7 Questions to Defeat Discouragement

Discouragement and ministry go hand in hand. I say this after almost 40 years in ministry. Maybe just reading these words discourage you. I hope not because you can defeat discouragement.

The Go Commission Defeat Discouragement

This Classic Content Repost originally appeared on The Pastor’s Mastermind. Photo by whoislimos on Unsplash

So, a while back I was at a large gathering of pastors and church leaders. It was a good day. I learned some things, caught up with some old friends, and left feeling encouraged.

But, I left bothered by one thing.

Two of my friends, within minutes of each other, told me that they were discouraged. I understood because I’ve been there, too. Discouragement comes to all of us. Dan Rockwell wrote, “People who don’t get discouraged aren’t human. That’s probably true. I know that people who don’t get discouraged aren’t pastors.

The good news is that you can defeat discouragement.

Answering these six questions might help you.

Why is this bothering me so much?

Be honest with yourself and get to the root cause. Often it really isn’t what you think at first. But, you are unlikely to defeat your discouragement until you really understand why you are experiencing it.

What is God teaching me?

Discouragement is painful. But, God is at work in your life in spite of the pain. He doesn’t waste it. Speak a simple prayer and wait for His answer. Mine goes something like “God, what are you teaching me about my discouragement?”

Who can I talk to about my discouragement?

You don’t have to be alone. Reach out to a trusted friend or mentor and tell them what you are feeling. Ask them to pray with you. They will help.

Help carry each other’s burdens. – Galatians 6:2 (GW)

Starting now, what will you do that makes a change in your mood?

Change up your routine. Do something fun. Get out of town for a day. It’s amazing what a small shift in our outer environment can give new perspective.

When will I quit stewing over this?

I remember that someone once said to set a time limit hen we are depressed. The same idea can work for discouragement.

I like what Jon Bloom wrote about lingering in discouragement:

“If we linger in discouragement it can be costly. Its sense of defeat and hopelessness saps us of energy and vision. It can consume a lot of time. It can keep us from doing what we need to do because we don’t want to face it. And it can even be contagious, weakening others’ faith.”

What can I say to myself that will shift my thinking?

Self-talk is powerful. Writing and repeating a short mantra can help you redirect your thoughts from discouragement.

Robert H. Schuller was a master at this. Maybe this one can help you overcome your mountain of discouragement.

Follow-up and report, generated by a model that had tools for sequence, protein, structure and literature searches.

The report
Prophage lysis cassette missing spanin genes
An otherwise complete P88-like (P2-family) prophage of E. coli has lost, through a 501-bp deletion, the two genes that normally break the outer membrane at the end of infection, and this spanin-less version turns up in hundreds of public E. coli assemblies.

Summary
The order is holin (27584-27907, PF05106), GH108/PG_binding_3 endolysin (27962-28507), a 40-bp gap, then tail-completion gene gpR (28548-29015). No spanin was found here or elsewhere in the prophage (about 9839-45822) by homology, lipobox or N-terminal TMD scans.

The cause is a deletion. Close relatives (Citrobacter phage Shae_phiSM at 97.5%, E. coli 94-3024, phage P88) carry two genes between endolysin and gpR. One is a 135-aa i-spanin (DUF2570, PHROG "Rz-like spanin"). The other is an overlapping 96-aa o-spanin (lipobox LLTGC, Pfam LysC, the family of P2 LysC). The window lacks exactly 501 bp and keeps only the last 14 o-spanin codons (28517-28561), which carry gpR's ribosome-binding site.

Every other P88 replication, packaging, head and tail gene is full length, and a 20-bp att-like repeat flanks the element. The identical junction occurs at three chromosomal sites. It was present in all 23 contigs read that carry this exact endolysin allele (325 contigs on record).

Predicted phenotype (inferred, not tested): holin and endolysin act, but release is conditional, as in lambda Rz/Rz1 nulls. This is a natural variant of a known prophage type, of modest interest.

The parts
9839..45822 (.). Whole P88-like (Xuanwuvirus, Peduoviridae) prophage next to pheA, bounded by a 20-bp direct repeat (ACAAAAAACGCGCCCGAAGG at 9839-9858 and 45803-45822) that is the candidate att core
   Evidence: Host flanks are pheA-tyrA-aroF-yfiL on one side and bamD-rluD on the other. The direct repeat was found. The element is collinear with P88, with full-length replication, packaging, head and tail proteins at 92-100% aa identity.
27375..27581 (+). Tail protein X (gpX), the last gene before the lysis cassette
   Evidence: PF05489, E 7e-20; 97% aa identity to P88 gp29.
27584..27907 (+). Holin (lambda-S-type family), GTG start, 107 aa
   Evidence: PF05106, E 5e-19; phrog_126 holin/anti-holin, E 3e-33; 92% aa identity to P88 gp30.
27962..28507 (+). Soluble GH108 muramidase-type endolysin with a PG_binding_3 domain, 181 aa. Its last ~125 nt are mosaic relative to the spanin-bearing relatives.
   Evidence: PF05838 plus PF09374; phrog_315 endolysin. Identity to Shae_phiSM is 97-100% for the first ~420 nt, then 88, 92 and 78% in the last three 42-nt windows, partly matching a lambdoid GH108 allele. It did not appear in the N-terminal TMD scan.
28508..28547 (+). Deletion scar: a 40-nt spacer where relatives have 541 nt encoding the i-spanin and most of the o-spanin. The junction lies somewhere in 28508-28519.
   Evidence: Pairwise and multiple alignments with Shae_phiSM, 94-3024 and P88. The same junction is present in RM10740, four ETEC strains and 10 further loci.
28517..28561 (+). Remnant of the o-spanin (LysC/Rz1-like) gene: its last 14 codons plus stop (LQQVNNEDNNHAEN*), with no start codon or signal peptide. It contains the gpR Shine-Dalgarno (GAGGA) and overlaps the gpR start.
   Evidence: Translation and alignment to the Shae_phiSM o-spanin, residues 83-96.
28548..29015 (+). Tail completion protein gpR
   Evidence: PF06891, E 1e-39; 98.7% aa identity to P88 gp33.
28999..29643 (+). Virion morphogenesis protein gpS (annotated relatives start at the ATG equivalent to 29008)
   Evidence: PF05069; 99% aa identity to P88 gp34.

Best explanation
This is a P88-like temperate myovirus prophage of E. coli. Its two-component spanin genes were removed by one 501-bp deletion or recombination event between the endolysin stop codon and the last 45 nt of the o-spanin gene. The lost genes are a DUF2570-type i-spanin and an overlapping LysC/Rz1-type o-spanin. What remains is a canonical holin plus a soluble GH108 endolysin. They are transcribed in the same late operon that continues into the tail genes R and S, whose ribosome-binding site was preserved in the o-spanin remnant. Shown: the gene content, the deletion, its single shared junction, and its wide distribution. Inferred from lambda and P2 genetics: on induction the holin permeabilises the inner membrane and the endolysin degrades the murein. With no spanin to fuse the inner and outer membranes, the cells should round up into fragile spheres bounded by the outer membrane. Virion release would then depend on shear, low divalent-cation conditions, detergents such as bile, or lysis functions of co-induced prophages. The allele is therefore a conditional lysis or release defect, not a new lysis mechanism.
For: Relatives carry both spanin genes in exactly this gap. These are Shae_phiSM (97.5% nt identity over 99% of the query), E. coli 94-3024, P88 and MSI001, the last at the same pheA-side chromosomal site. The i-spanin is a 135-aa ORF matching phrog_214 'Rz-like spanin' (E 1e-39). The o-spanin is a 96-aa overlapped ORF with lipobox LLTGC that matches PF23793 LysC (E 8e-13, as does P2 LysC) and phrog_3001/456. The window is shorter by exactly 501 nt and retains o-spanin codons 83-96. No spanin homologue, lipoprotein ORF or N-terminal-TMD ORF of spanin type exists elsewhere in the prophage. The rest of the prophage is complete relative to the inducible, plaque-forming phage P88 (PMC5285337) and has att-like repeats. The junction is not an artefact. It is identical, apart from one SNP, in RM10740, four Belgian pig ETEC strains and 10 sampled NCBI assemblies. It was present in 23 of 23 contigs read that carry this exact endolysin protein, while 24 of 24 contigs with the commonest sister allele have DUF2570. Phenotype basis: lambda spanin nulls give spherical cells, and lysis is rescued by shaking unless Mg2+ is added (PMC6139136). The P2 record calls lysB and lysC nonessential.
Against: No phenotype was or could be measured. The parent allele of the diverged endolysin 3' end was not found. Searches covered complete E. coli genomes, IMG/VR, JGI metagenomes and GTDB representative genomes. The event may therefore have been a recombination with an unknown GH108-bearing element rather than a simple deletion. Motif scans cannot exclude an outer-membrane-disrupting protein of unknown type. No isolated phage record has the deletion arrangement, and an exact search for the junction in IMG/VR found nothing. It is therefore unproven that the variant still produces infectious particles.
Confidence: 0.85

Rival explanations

“When faced with a mountain, I WILL NOT QUIT! I will keep on striving until I climb over, find a pass through, tunnel underneath, or simply stay and turn the mountain into a gold mine with God’s help!”

I hope these six questions help you defeat discouragement. I’m sure you have some good ideas that would help all of us. Would you post a comment here or in The Go Commission Facebook Group?

 

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Manage Your Calendar So It Doesn’t Manage You

Manage Your Calendar So It Doesn’t Manage You

How Calendar Rules Help You Stay on Track

The skill and discipline to manage your calendar is an essential leadership tool. I don’t know any pastor who feels like they are accomplishing everything they wish they could. Our to-do lists are often endless and they start over every Monday. How often have your felt like your calendar was managing you rather than you maintaining the ability to manage your calendar? Calendar rules will help.

The Go Commission Manage Your Calendar

This article is a repost of  classic content.

My pastor taught me to divide the day into three sections for morning, noon, and night. His philosophy was to work 14 of those sections and take 7 of them off. It’s a rule that ensures that we balance rest and work. But, it doesn’t address all the things we need to work through to be sure our calendar doesn’t manage us.

Al Ells, of Leaders That Last Ministries, introduced me to the idea of calendar rules. Calendar rules are boundary statements that help us manage our calendar. Ells defined calendar rules as “a discipline that guides your time.” After listening to him, I realized that I have some calendar rules. But, I hadn’t called them that or thought them through in the way he presented them.

One of the calendar rules that I have is to get out of town once per quarter. It might be a vacation, an out of town meeting, or a trip to visit family. Keeping this rule helps me release the stress of my day to day responsibilities.

Another rule I follow is to use all my vacation each year. I’ve known too many pastors who work continually and burn themselves out. One retired pastor I know had a rule that he never socialized on Saturday evening. He used the time to relax and prepare his mind for the heavy responsibilities on Sunday.

Ells suggested that calendar rules can be written for during the week, weekends, quarterly, annually, phone calls, email, social media, games, weddings, baptisms, and funerals. You might want to develop rules about sermon preparation, meetings, community service, or study.

You have more to do than you can get done. Calendar rules will help you keep your priorities and your sanity.

Click Here for the Calendar Rules Worksheet

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